On film: A legendary detective, and legendary cartoons

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Ian McKellen stars as Sherlock Holmes in “Mr. Holmes.” — Photograph: BBC Films/Allstar Pi

Sherlock Holmes has been entertaining detective story enthusiasts since the first of Sir Arthur Conan Doyle’s novels about the legendary figure was published in 1887. The latest cinematic entry, “Mr. Holmes,” plays this weekend at the Martha’s Vineyard Film Center. “Very Semi-Serious,” a documentary about the New Yorker’s celebrated cartoons, plays Friday, July 24, at the Martha’s Vineyard Performing Arts Center in Oak Bluffs as part of the Martha’s Vineyard Film Festival.

In “Mr. Holmes,” the year is 1947, and Sherlock, played by Ian McKellen, has reached his 90s. Now retired, he lives in the Sussex countryside, cared for by a crusty housekeeper, Mrs. Munro (Laura Linney), and her son Roger (Milo Parker). Roger, an avid fan of the master detective, helps him care for his bees, which are mysteriously dying off. Sherlock’s memory has deteriorated, and he obsesses about his final case, and the visit he has just made to Japan — a devastated Hiroshima in particular — at the end of World War II.

With Roger as our surrogate, we learn that Sherlock never wore a deerstalker hat or smoked a pipe. Those were literary inventions of his colleague Dr. Watson. We are seeing Holmes not so much as the fabled detective but as a solitary, lonely figure struggling with end-of-life decline. The final case from many years ago that haunts Holmes concerns a woman (Hattie Morahan) who plays the glass harmonica and who, Holmes thinks, is planning to kill her husband. Young Roger finds a lady’s glove in Holmes’ room that helps the detective begin to piece together what he poignantly got wrong about that final case.

In the meantime, through more flashbacks, we see Holmes travel to Japan in search of prickly ash, a tonic he hopes will restore his memory and vigor. There he meets with botanist Masuo Umesaki (Zak Shukor), who discovers the tree in the bombed-out wasteland that Hiroshima has become. Umesaki questions Holmes about Umesaki’s father, who abandoned the botanist’s family and whom the detective knew.

Director Condon challenges the audience to understand the potential and symbolic connections among these plotlines. “Mr. Holmes” is not an easy, feel-good film about the popular detective, but its complexities, aided by Mr. McKellen’s superbly nuanced performance, prove a satisfying addition to the legend surrounding Sherlock Holmes.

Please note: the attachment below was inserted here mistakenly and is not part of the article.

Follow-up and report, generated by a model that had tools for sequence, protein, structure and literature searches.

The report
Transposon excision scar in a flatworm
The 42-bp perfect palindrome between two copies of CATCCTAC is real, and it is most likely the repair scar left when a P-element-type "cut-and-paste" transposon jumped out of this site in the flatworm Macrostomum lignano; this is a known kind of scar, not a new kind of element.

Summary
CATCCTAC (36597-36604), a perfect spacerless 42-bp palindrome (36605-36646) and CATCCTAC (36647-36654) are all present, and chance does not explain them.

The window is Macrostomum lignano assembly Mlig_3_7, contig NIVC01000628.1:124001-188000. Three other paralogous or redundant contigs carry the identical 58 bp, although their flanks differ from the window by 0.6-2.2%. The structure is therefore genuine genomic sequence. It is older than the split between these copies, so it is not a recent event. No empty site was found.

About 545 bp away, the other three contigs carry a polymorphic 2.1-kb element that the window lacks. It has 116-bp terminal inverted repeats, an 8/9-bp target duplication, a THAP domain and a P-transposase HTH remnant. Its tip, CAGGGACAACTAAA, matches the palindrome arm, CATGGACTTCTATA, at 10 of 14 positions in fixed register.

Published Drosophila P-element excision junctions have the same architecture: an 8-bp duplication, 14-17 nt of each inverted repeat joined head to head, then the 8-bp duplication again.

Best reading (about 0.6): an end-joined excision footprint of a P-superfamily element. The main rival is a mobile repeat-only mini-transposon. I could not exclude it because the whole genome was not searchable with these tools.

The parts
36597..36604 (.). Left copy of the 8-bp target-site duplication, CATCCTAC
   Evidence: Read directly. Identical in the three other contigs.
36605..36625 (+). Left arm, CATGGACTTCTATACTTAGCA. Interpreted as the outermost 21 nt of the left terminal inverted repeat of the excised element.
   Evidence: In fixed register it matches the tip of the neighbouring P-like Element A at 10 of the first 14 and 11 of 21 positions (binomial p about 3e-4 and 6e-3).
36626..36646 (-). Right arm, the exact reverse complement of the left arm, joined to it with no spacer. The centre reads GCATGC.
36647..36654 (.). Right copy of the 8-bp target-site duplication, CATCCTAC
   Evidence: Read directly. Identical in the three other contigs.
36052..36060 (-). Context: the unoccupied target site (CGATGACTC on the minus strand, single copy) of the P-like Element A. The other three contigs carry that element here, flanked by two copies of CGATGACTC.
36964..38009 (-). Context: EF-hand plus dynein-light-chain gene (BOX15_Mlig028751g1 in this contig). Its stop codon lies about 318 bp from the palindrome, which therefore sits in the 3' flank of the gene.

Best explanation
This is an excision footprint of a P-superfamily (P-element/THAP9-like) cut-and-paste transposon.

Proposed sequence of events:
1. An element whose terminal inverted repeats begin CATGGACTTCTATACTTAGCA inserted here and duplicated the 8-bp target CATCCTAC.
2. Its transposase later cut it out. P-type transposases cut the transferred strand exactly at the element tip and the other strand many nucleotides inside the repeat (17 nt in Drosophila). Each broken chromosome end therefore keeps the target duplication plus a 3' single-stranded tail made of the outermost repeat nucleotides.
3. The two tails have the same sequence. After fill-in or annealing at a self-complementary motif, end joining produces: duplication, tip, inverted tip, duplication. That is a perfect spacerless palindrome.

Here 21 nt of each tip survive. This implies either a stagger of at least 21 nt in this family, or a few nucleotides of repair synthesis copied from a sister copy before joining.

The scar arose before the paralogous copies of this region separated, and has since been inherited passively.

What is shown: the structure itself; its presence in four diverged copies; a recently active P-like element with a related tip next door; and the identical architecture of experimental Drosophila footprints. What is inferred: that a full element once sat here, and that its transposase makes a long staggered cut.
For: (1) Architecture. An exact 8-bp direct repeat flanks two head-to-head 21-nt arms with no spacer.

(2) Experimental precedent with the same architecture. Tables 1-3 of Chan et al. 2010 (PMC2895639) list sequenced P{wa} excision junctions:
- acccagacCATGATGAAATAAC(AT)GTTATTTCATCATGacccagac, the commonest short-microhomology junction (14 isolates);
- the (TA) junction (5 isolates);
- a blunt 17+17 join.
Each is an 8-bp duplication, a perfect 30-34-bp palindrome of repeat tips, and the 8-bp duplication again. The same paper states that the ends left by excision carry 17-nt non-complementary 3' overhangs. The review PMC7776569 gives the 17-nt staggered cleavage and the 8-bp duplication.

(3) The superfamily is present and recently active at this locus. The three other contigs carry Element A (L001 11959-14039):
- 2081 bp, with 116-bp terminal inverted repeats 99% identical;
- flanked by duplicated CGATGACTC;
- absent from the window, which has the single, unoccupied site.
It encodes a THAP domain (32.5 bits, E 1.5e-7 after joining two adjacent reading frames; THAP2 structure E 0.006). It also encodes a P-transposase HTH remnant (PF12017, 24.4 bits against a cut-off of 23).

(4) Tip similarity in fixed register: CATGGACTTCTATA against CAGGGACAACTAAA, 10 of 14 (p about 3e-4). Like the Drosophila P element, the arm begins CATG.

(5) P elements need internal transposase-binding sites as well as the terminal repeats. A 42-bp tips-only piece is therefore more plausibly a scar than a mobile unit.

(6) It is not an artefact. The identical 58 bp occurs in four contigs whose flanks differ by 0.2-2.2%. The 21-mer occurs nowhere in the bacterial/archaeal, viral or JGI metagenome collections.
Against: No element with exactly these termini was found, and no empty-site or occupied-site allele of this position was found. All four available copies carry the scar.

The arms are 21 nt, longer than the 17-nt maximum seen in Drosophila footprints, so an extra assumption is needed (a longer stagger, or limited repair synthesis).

The New Yorker and its cartoons

In her documentary, “Very Semi-Serious,” director Leah Wolchok explores, with enjoyable thoroughness, the history and place of cartoons in the nation’s foremost literary magazine, the New Yorker. She ties together the film by following the career of cartoon editor Bob Mankoff. “Imagine yourself on another planet,” Mr. Mankoff says to explain the perspective a cartoonist takes. “It is just having fun.”

Every Tuesday cartoonists, hoping to sell their work to the magazine, show up at Mankoff’s office. The editor sorts through some 1,000 entries to select the 15 that will end up being published. Editor David Remnick has the final say, and assistant editor Kelly Stout, considering the cartoonists’ gender, diversity, and age, picks the mix for the week.

The audience meets many of the cartoonists whose work appears in the New Yorker, including veteran Mort Gerberg, and Roz Chast, one of the few and first women (she now has published 1,231 cartoons), and hears about celebrated figures like Charles Addams and Peter Arno. Viewers learn about the long-gone golden age of cartoons, when many different magazines published cartoons. Particularly interesting is to learn that cartoons have been an important component of the New Yorker since its beginnings.

“They’re how I process what’s happening to me,” explains one cartoonist. Mr. Mankoff suggests, “What it wants is a grain of truth,” and adds, “Being funny is like being awake. You’re in the world and you’re out of it.”

“Mr. Holmes,” Friday, July 24, Saturday, July 25, and Tuesday, July 28, 7:30 pm. Martha’s Vineyard Film Center, Tisbury Marketplace, Vineyard Haven. For tickets and information, see mvfilmsociety.com.

“Very Semi-Serious,” special Martha’s Vineyard Film Festival screening on Friday, July 24, 7:30 pm, Martha’s Vineyard Regional High School Performing Arts Center, Edgartown–Vineyard Haven Road, Oak Bluffs. For tickets and information, see tmvff.org.